Clean slate, blank canvas

This morning I was contemplating joyfully and with some curiosity the blank canvas that is the next chapter of my work life. It feels like a fresh start, that opportunity to re-invent my daily rituals, hone my purpose, and choose the colors for the palette.

blank canvas.JPG
Photo credit link

Though I am not a visual artist, and only dabble with colors and fun materials now and then, I can appreciate that excitement of a blank canvas. As a writer, it is a little like the blank page, that space of infinite possibility before the words start spilling out. I face it with excitement, and a little unknowing. Where will this go? What am I trying to say?

Since I generally write to understand any new concept, or even myself, there is always an air of mystery about it. As a blogger, I have learned to embrace the empty page as a sacred space where I am invited to create.  It is our greatest privilege as humans, our creative energy, and I think it is where we meet our divinity.

I find that I want to experiment a bit, not to rush into splashing color onto the page, but to spend some time preparing the colors, feeling what wants to emerge. I greatly appreciated my solitude yesterday and the ability to respect the rhythm of my body, working and resting in a ratio that felt right. My coach and I decided on some “homework” for the next week, and I was able to accomplish the items on my list.

If I were an artist, I would run my hands along the blank canvas, noting its texture and honoring this gift. I shall have to resist a trip to the art store to do this, but maybe it is time to get out my colors and sketch pad.

Do you have a ritual for honoring the “blank canvas” times in your life?

cristy@meximinnesotana.com

A dedicated journalist

I was sitting in a cafe yesterday writing in my handwritten journal, having dumped coffee on it 10 minutes earlier in my haste to start eating my breakfast.

The older man asked me, “are you a dedicated journalist?”

I responded, “I do enjoy writing. And I do it every day, or nearly so.”

“Wow,” he said, “I write often but sometimes not for months.”

Then he told me a story of some notes he’d taken last November while his wife was sick and in the hospital for 2 weeks with a mysterious illness. She asked him to record some of the things that happened, and the symptoms. He said it was hard to go back and write that up, even though he had a lot of notes.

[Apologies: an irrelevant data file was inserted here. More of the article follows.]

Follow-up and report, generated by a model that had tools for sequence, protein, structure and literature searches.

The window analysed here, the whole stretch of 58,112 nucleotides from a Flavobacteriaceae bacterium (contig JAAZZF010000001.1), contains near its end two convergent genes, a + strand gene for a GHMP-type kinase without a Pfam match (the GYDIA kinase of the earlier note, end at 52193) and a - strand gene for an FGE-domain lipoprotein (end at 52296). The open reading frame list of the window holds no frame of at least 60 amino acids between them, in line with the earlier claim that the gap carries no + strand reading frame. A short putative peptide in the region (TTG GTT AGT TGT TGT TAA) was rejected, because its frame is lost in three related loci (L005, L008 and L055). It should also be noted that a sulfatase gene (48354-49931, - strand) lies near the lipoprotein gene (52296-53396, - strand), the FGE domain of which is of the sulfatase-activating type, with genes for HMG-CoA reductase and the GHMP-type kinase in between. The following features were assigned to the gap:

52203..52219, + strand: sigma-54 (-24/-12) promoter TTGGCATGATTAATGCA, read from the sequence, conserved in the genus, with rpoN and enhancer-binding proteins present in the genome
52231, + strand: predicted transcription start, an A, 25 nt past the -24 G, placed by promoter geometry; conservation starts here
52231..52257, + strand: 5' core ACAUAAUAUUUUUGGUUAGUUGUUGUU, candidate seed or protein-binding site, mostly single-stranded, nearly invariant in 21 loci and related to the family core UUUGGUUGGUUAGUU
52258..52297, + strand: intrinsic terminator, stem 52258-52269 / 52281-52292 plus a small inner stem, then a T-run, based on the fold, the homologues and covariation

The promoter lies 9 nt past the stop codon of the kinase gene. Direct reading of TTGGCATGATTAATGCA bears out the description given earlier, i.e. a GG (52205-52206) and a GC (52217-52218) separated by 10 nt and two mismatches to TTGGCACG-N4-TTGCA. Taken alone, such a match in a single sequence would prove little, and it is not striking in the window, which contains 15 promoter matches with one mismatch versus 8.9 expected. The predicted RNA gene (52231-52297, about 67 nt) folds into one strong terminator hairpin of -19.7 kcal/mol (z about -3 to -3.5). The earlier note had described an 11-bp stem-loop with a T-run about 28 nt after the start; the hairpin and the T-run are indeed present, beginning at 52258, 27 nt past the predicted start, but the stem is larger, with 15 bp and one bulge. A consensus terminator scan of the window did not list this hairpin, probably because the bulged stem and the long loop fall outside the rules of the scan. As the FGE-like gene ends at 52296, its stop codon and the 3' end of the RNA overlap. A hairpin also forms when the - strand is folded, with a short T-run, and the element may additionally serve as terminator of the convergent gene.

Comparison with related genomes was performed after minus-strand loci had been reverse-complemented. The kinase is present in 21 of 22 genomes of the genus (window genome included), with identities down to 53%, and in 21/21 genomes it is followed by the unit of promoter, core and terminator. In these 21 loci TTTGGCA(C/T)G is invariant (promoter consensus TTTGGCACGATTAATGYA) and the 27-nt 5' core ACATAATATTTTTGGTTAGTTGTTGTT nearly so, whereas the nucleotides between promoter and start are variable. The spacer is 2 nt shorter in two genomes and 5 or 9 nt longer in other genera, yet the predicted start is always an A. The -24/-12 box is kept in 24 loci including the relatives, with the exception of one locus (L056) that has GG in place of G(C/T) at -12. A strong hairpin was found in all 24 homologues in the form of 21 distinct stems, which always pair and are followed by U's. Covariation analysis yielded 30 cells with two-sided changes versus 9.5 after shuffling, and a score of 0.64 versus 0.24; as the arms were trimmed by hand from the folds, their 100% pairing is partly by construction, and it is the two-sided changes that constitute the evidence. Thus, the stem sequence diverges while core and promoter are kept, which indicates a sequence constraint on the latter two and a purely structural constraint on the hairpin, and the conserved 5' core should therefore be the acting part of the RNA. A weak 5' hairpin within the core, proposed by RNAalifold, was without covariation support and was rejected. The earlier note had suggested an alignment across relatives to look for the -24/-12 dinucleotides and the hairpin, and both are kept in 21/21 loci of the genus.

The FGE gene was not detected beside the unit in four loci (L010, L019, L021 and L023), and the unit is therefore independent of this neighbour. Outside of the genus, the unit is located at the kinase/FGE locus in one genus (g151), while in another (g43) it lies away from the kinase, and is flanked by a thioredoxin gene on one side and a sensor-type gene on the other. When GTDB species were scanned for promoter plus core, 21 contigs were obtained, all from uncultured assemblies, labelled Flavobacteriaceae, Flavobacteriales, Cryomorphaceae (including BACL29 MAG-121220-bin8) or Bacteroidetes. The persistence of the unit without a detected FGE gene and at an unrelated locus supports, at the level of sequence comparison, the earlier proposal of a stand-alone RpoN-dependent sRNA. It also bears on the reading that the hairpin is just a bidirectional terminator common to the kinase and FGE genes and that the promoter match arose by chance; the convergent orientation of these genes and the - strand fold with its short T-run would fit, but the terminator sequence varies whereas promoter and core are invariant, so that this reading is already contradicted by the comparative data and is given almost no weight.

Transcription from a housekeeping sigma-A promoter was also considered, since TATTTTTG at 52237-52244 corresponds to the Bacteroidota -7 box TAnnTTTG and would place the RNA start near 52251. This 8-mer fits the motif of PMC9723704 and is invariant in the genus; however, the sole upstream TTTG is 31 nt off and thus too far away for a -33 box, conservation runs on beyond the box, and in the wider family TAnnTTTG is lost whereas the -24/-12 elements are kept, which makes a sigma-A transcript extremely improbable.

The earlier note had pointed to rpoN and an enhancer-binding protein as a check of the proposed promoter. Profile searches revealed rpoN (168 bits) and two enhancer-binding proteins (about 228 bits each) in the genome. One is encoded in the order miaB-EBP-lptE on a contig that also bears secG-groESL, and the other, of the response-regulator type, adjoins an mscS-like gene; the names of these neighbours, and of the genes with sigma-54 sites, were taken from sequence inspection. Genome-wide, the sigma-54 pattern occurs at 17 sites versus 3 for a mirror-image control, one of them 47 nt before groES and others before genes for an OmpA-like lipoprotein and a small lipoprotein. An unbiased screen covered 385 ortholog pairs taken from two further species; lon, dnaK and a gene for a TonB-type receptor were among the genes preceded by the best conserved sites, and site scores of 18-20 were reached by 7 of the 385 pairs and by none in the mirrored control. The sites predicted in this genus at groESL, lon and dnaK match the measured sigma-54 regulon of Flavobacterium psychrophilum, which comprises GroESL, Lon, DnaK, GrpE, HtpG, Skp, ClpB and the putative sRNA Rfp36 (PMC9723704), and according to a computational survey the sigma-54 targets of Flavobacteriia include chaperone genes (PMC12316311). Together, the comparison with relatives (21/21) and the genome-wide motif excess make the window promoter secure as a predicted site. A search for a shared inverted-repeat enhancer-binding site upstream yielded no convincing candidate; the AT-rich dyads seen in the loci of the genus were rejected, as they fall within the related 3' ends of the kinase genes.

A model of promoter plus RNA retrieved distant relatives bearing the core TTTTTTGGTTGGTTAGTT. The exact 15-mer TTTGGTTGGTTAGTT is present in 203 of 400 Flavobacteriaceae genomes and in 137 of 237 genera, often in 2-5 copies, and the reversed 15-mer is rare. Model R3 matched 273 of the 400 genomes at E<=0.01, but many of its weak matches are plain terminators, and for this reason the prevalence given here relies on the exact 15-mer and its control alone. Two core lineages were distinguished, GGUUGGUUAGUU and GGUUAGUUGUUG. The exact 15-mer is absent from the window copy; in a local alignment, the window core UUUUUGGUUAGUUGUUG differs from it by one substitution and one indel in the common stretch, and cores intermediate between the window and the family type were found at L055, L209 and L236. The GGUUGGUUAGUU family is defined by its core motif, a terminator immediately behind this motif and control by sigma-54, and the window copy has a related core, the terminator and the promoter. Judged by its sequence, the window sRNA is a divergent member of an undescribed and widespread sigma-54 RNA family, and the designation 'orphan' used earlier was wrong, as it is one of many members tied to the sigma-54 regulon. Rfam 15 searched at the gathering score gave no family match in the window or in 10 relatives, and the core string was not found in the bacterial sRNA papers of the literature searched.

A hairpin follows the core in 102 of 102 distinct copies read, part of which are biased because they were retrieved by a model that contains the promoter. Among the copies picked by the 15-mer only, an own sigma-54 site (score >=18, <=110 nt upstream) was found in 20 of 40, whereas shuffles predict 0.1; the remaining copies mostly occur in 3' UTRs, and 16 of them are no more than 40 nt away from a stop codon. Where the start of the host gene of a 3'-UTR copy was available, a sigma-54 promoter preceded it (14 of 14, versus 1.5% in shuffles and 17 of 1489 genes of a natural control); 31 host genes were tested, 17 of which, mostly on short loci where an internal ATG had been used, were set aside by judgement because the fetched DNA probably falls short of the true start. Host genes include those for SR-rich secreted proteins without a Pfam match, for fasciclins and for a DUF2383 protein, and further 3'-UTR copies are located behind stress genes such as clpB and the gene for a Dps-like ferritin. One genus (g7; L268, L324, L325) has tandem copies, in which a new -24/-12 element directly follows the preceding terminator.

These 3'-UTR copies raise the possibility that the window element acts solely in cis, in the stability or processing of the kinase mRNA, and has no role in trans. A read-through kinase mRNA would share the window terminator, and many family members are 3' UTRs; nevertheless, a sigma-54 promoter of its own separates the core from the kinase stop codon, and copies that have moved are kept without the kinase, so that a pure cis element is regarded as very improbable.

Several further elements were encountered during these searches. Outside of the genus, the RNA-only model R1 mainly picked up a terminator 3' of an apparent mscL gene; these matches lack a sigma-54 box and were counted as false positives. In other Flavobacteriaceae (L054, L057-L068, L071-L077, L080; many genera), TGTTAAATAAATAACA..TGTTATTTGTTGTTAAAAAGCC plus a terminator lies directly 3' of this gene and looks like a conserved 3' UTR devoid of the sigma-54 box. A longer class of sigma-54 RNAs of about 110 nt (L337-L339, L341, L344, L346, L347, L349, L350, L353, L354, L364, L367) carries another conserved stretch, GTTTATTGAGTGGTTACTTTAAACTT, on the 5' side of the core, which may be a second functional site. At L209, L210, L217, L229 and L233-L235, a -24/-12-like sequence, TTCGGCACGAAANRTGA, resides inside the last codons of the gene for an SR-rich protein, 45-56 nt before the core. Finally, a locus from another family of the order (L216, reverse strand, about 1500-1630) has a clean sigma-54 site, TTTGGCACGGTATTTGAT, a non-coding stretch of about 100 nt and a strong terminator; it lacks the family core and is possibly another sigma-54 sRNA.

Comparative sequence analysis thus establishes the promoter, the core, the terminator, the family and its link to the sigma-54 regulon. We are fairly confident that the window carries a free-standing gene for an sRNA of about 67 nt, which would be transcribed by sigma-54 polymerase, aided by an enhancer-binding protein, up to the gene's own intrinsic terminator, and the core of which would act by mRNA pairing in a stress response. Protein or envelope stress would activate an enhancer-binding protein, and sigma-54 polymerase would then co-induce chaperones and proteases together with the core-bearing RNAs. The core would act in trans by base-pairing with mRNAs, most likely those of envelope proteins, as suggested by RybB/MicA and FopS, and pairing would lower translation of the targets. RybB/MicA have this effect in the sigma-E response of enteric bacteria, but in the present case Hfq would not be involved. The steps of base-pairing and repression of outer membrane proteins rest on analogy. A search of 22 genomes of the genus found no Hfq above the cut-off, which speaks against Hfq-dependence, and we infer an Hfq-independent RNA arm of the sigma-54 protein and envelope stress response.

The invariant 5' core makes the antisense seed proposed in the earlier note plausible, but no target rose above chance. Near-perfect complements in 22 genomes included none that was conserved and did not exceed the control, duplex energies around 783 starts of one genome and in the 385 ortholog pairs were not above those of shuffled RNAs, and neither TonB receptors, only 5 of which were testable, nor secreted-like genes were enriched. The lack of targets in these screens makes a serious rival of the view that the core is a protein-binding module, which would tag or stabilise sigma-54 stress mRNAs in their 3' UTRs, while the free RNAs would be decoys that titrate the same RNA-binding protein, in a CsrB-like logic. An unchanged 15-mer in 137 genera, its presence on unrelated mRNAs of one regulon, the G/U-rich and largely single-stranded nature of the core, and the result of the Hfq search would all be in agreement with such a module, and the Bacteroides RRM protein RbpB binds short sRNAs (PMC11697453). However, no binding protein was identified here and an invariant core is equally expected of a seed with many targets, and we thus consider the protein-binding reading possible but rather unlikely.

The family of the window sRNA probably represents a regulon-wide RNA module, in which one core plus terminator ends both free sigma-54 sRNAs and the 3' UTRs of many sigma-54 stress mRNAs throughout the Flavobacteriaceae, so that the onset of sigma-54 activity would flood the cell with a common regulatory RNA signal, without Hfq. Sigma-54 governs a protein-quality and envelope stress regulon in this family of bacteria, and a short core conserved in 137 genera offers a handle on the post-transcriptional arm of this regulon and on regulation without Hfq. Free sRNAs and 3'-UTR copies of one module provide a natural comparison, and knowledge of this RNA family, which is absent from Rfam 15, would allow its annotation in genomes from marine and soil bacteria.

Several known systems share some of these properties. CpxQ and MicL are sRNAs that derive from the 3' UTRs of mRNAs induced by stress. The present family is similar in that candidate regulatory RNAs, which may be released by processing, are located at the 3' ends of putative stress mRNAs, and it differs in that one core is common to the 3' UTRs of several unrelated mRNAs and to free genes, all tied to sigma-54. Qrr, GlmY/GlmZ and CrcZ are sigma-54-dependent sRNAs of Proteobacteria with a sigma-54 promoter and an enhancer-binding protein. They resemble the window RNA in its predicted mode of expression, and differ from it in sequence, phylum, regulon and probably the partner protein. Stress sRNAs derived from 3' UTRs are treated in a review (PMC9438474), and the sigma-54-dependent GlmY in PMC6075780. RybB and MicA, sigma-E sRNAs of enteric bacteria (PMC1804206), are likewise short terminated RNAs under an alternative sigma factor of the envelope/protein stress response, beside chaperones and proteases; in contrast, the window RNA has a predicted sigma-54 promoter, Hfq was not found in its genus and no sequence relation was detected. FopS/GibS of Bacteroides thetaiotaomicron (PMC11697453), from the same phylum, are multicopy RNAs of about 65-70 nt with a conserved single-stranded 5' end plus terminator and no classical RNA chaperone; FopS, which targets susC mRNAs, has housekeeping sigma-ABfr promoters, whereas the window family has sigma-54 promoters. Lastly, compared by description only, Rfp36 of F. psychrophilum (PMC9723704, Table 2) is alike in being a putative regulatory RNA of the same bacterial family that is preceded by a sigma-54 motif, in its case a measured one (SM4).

I commented on writing about times that are difficult in our lives. It can be difficult, when the event or period was emotionally charged in some way. It requires us to relive that time, and sometimes we re-experience those emotions. But at the same time the writing is therapeutic, and it releases something, like therapy when the story is told and “witnessed” by ourselves or a compassionate person.

We talked for a couple minutes and he apologized for the interruption but I went back to think about his question, “are you a dedicated journalist?”

Yes.

I love the act of writing, so much so that I lose myself in it at times.

It occurs to me that Brene Brown and Liz Gilbert have written about this concept at times, the sad fact that we only value things that we get paid for in this society.

But some of us create art, writing, music, poetry because we must. Not because we expect to get paid. I mean, certainly making a living is important. In fact, I need to dig up some consulting work in the next couple of months or I’ll be looking for a “regular” job again. But sometimes we must release something in us onto a page. Brene Brown said once in the Magic Lessons podcast “unused creativity metastasizes.” I believe it.

Maybe I’ll add “dedicated journalist” to my Linked In profile and see what comes of it.

Cheers & happy weekend,

Cristy

art-from-yoshi-airbnb.jpg
Art from a London Airbnb, taken September 16, 2018

 

 

 

Windows on the world

Arty colorful kitchen
Kitchen of the Airbnb with Yoshi and Yello

Yesterday was a long travel day. Longer than I expected. By the time we arrived at our final Airbnb we had been “in motion” for 8.5 hours. This included a ride to the train Doune station, a train ride to Edinburgh, a tram ride to the airport, some time eating lunch there, a short flight to London Luton, a train ride to the tube station. A couple tube transfers later, we finally made it to Canary Wharf, up three sets of stairs to a lovely and artistically decorated renovated warehouse flat here.

attract fun
mantra on the mantel of this Airbnb

Having been out & about among people for so long (and in such confined quarters on the tube) with people, I was feeling ready to shut out the world, not visit with our hosts. Hopefully they understood. My introvert self wanted to retreat, spend time alone or just with my husband. On day 13 of this vacation, I now feel relieved we will be going home tomorrow. I miss my own bed, our quiet townhome, our kitties who will no doubt be a bit miffed with us for being gone for 2 weeks.

every-moment.jpg
This applies to our trip.

I enjoy doing the Airbnb experience because it gives you a window on people’s lives in another part of the world. While I am not wild about the times we have had to share a bathroom (about half of the lodgings on this trip), I still think the experience beats staying in a standard, traditional hotel. You must read the descriptions carefully and the reviews to make sure a place fits your needs.

On the eve of returning home, sitting in this lovely apartment and enjoying some solitude, I would still do the trip this way. I may be a little more selective on locations, and try to stay at least 2 days (sometimes 3) in each, instead of the few where we only had one night en route. Given the limitations of not driving here, I would say I did fairly well.